Born in 1919 and raised in Chicago, George Cohen was a well-known artist and teacher in the city. One of the generation of figural expressionists who turned away from non-objective abstraction and Abstract Expressionism that dominated post-war art in New York, Cohen played an important role in defining a new Chicago-centered figurative art that became identified as the Chicago School. The Monster Roster, the loose association of local artists with which Cohen most identified, included Leon Golub, Cosmo Campoli, Seymour Rosofsky, and Ted Halkin, among others.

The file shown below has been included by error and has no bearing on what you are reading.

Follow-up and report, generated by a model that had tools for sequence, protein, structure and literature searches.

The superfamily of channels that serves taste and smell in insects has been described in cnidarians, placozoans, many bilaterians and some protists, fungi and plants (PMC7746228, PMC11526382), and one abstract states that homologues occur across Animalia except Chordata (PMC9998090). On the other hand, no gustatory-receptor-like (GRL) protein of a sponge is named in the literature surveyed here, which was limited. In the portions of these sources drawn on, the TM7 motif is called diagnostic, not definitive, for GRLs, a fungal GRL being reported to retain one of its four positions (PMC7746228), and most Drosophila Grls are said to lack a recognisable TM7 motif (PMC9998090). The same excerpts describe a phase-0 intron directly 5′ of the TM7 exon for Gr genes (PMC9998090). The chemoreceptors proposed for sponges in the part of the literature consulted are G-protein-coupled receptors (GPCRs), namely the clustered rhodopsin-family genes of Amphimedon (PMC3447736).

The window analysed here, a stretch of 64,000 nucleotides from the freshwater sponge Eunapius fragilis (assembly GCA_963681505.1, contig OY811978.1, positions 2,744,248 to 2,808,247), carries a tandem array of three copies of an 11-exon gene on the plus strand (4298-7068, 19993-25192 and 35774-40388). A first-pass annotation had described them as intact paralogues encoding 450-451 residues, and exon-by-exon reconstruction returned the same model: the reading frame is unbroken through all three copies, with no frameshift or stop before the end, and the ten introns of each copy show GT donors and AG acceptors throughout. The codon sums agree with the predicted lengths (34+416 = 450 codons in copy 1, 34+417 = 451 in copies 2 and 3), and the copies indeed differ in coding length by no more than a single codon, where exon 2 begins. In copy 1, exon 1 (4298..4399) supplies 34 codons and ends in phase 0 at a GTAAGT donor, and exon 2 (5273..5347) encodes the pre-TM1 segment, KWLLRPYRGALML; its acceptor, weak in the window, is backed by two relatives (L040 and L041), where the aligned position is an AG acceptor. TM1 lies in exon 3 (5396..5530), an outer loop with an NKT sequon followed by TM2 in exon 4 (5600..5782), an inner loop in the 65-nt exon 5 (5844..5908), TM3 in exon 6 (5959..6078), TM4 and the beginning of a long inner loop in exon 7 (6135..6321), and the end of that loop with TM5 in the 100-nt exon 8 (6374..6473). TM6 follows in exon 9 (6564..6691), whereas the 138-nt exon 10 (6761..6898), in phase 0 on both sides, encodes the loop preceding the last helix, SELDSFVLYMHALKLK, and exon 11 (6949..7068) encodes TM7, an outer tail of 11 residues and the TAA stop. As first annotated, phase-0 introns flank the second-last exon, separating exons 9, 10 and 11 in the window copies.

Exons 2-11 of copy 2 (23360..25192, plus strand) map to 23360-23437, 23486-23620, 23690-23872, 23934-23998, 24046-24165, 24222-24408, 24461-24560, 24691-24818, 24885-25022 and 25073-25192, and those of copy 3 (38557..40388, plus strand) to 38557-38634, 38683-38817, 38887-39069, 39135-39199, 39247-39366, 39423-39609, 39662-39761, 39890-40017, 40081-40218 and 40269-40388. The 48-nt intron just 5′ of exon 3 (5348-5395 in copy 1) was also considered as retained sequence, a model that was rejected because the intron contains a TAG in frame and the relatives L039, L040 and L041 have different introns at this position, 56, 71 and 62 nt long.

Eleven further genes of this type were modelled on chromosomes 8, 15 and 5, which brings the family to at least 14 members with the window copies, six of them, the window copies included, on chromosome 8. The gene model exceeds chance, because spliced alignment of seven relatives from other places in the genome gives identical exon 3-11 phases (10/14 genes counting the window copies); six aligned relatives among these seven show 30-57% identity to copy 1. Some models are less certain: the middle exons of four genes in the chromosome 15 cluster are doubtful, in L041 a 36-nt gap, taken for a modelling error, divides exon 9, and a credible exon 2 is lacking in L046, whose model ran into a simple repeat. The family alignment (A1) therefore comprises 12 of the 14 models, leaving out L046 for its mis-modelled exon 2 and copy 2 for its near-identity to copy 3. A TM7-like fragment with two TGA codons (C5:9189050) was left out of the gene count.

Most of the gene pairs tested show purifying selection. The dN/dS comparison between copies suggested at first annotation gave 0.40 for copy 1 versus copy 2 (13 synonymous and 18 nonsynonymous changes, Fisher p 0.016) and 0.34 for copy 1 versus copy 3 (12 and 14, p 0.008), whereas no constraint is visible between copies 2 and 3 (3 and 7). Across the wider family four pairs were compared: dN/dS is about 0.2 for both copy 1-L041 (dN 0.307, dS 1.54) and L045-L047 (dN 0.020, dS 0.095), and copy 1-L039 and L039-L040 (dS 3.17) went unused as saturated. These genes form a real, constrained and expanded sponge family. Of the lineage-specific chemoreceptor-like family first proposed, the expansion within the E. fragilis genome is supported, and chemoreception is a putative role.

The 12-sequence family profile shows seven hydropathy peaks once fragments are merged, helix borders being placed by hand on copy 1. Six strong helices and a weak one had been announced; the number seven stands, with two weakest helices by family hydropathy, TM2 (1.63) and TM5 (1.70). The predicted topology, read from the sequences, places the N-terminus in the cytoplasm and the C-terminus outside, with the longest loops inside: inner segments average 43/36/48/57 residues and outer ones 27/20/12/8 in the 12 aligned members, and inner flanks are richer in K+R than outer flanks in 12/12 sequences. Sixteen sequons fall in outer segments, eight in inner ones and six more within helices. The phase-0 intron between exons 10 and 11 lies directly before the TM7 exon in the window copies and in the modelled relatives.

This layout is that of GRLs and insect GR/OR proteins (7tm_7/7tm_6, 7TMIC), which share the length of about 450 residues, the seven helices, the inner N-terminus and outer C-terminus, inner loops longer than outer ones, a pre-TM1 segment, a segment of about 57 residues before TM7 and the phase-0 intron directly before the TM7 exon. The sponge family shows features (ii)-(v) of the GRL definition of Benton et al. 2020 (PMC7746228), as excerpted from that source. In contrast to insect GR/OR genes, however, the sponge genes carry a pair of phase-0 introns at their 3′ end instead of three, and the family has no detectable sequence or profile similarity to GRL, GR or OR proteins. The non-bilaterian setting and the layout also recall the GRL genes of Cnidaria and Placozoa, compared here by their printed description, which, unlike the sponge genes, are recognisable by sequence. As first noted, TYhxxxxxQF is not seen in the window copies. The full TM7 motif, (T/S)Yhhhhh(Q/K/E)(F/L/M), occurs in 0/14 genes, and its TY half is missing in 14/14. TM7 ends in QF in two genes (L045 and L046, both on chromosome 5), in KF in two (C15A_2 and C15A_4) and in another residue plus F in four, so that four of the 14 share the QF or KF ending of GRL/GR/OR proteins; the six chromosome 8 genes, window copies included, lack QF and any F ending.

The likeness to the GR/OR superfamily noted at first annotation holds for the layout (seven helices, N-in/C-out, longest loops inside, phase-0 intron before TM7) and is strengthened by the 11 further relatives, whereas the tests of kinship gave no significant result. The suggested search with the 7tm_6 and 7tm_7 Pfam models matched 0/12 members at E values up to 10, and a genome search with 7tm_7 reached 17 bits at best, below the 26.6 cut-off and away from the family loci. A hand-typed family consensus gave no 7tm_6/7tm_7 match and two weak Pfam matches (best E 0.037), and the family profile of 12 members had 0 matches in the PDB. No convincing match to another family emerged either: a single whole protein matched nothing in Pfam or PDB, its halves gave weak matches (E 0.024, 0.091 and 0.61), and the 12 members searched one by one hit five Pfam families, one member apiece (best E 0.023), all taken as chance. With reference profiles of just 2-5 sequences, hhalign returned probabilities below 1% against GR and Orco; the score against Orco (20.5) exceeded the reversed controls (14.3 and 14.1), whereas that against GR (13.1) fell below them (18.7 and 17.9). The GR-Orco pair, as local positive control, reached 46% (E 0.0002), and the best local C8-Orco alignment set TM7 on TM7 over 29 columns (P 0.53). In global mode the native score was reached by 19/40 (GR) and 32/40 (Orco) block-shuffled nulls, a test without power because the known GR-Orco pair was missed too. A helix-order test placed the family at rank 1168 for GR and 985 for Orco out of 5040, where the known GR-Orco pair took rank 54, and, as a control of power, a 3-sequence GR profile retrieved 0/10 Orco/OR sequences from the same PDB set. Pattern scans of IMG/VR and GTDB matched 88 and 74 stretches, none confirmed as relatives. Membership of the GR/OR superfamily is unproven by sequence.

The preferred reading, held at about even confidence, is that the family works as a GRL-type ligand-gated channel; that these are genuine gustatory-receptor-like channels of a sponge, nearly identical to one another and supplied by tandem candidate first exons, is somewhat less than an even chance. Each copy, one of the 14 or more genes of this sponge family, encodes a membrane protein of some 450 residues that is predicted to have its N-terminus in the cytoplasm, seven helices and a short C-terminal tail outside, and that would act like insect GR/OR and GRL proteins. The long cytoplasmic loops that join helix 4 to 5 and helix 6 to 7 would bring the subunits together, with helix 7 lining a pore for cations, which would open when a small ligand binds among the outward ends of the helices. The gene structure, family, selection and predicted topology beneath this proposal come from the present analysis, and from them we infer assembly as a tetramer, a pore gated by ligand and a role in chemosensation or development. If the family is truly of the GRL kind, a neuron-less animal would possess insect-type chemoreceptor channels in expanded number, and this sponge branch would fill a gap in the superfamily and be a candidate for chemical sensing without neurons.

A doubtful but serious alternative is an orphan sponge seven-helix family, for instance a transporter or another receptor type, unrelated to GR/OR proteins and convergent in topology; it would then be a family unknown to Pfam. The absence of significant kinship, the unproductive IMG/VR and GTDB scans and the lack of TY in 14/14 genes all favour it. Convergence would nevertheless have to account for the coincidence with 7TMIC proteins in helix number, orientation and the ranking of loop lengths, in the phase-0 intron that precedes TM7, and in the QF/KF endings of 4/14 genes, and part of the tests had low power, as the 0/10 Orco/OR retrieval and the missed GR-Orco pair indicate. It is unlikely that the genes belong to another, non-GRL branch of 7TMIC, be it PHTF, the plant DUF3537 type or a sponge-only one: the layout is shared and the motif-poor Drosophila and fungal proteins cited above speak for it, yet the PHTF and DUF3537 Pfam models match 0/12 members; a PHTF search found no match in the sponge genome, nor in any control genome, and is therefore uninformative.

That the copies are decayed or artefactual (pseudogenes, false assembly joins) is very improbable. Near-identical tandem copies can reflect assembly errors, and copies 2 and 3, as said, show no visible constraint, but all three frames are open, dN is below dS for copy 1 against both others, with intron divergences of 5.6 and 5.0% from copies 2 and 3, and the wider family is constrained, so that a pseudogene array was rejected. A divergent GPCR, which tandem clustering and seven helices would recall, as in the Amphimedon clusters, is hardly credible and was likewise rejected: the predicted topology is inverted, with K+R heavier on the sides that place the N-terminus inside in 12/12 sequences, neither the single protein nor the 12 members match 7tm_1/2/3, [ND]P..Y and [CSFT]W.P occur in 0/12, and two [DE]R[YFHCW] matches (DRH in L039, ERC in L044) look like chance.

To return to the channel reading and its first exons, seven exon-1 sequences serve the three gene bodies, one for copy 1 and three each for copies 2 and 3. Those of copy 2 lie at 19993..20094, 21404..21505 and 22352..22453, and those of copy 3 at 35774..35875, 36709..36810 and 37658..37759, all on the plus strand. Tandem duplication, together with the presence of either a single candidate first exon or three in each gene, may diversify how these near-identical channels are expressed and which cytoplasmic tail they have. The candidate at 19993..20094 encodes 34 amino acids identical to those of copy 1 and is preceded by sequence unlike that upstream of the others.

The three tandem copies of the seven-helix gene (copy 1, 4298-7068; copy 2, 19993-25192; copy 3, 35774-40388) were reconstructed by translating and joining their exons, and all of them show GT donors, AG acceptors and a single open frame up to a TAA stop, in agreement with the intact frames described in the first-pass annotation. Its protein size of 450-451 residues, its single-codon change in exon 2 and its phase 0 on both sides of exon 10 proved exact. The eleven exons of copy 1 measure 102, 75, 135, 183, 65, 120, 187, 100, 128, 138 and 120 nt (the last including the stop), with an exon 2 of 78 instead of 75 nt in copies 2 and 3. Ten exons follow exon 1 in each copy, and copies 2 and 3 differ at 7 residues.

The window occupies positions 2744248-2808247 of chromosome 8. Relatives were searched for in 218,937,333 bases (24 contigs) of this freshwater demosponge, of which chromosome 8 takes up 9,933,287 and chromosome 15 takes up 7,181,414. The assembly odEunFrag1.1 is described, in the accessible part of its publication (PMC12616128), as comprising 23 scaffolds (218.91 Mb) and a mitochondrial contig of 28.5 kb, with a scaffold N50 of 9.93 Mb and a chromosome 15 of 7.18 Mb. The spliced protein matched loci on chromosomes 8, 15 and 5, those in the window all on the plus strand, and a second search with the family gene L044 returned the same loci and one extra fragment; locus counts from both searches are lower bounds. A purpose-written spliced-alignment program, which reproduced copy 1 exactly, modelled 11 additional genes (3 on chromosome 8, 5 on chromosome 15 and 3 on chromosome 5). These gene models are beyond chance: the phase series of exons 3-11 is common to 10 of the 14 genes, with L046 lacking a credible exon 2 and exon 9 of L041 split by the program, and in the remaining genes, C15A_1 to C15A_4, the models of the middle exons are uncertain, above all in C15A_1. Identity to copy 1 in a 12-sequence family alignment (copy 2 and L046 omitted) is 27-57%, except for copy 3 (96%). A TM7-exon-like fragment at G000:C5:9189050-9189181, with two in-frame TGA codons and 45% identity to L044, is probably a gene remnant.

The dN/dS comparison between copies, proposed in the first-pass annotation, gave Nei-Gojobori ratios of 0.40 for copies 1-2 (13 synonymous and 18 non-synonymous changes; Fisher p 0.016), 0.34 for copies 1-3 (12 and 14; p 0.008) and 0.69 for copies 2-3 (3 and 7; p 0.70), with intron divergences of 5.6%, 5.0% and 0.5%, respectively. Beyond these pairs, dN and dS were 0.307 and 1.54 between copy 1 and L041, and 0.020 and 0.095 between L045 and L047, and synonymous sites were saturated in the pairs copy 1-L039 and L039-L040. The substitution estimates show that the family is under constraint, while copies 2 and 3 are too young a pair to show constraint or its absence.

Indeed, Cohen’s interest in the unconscious is reflected in Figure where he paints a distorted feminine figure, which a viewer is invited to construct from dissociated body parts (the legs, the disembodied hands-within-hands) and symbols like a woman’s high-heeled shoe and a red lipstick-painted mouth. Suggesting a strong sense of movement, on the other hand, are what appear to be two humanoid legs in motion growing out of an upside-down head, wheel symbols and other recurrent circles, and what might be a ball in play thrown by a disembodied and multiplied hand. The figure is certainly monstrous, yet it wears a smile and conveys a playful sense of endeavor, as if participating in a Mayan ballgame or a tribal dance. The addition of twine collage on the face and in the hair of the figure, and holes drilled through the cheeks and eyes, contribute to produce the ritualistic mask-like impression of the face that evokes associations with the ‘primitive other.’